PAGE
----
In an exhaustive analysis of the factual situation, the Supreme Court noted Clemons was not unavailable and the exceptions claimed by the State were not applicable. Under the facts in that case, as in Bratt, unavailability was a necessary predicate for at least some of the claimed exceptions. Excited utterance was not claimed in Johnson-Howell.

In State v. Willey, 18 Kan. App. 2d. 837, 838, 860 P.2d 67 (1993), this court cited Bratt to support the proposition that unavailability had to be shown prior to admission into evidence of an excited utterance or spontaneous declaration under 60-460(d). However, in Willey the facts indicated the victim was not present in court and had not been served with a subpoena; it was not mentioned whether adequate efforts had been made to obtain her presence. Therefore, the unavailability language was dependent on the particular facts, making it distinguishable from the instant case.

Here, Linda was not unavailable just because she claimed not to remember the incident. We find this case analogous to State v. Lomax & Williams, 227 Kan. 651, 661-62, 608 P.2d 959 (1980):

"We interpret the evidentiary record to establish a clear case where a witness simply refused to testify at the trial, using as a vehicle a claim that she could not remember what happened. This is not a case where a witness, acting in good faith, was unable to testify as to the subject matter of her prior statement because, through no fault of her own, she had lost her memory in regard to such events."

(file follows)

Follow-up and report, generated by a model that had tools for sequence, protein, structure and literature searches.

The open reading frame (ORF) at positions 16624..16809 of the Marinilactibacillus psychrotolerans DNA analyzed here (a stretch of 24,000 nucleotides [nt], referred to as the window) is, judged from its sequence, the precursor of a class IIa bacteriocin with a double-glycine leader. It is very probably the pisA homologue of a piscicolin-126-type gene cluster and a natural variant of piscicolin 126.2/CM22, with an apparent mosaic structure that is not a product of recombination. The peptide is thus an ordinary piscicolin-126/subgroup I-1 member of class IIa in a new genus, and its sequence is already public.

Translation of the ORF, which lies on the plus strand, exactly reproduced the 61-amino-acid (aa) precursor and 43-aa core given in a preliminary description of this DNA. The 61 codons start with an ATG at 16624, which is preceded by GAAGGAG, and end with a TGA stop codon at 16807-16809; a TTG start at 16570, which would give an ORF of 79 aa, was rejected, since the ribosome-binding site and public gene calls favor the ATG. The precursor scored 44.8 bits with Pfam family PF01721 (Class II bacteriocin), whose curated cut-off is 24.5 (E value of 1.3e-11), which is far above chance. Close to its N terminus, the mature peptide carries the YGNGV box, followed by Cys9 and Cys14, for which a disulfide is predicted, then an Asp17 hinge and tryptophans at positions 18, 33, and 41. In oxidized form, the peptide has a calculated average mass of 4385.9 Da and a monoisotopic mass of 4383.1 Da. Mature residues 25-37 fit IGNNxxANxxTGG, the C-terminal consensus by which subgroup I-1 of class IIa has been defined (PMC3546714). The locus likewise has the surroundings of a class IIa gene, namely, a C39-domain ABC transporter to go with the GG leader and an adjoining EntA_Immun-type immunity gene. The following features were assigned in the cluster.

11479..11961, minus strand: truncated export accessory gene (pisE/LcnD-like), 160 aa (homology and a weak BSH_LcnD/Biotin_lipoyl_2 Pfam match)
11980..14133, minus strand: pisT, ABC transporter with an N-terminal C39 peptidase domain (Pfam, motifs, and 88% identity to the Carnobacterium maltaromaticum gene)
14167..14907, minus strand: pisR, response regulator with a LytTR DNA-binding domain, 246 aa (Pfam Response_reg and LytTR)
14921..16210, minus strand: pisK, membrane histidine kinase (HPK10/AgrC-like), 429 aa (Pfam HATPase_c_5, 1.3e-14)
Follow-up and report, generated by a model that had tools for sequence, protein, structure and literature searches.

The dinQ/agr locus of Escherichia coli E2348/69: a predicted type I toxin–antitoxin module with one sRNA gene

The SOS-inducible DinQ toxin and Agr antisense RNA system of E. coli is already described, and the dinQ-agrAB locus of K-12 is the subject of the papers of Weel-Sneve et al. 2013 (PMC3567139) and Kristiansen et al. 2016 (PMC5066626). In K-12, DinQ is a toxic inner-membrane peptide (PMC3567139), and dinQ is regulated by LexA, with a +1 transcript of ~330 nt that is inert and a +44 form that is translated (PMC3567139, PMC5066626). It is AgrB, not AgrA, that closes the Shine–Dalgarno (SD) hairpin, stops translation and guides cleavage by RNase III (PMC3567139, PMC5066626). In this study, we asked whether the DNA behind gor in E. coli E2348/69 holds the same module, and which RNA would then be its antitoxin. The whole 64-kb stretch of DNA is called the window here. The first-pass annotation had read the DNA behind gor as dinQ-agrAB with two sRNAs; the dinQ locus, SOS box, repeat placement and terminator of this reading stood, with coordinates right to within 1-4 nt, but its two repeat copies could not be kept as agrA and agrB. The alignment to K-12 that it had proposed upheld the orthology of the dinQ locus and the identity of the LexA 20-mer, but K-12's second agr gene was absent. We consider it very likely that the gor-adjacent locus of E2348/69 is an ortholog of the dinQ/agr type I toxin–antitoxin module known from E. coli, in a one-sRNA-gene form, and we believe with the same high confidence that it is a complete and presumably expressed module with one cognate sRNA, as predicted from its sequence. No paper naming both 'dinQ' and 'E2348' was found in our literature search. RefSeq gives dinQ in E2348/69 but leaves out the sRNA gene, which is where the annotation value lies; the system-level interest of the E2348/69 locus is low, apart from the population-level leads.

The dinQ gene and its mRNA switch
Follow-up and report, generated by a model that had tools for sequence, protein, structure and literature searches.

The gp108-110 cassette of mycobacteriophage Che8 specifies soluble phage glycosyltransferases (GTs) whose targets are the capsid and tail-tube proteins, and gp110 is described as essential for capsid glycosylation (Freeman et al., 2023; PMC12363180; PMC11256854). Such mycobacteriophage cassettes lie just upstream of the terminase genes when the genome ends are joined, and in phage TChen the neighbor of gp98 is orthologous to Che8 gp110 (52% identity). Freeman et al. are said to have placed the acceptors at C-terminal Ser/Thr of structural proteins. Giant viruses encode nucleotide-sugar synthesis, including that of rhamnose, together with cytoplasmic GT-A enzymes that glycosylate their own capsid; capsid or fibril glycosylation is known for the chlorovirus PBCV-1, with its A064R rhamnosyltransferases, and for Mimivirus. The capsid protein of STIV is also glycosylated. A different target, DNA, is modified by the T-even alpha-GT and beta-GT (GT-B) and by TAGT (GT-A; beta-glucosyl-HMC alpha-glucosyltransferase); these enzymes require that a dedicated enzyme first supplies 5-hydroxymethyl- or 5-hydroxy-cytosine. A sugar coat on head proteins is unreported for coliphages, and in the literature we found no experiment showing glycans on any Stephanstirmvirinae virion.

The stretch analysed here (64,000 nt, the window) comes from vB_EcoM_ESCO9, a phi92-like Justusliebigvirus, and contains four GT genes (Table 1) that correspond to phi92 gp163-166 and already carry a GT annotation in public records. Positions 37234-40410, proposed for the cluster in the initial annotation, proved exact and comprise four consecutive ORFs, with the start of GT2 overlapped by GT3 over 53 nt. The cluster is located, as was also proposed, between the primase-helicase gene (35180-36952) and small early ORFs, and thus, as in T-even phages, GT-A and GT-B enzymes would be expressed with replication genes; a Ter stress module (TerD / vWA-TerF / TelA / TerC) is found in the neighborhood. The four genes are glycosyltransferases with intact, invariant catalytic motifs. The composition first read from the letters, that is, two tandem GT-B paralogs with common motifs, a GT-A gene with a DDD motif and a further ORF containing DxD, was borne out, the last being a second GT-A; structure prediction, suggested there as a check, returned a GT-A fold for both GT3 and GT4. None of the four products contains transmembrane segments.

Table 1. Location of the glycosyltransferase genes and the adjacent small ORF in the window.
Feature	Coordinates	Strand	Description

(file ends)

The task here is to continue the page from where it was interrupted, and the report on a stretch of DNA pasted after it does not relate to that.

We see nothing in the present record to make a finding that this case is any different from Lomax & Williams. However the analysis is not over. At least some of the hearsay exceptions that might be applied do not require the declarant to be unavailable.

We first turn to whether the testimony of Gelmers concerning what was said to her by Linda was admissible under K.S.A. 60-460(d)(2).

K.S.A. 60-460(d) allows admission as an exception to the general bar to hearsay: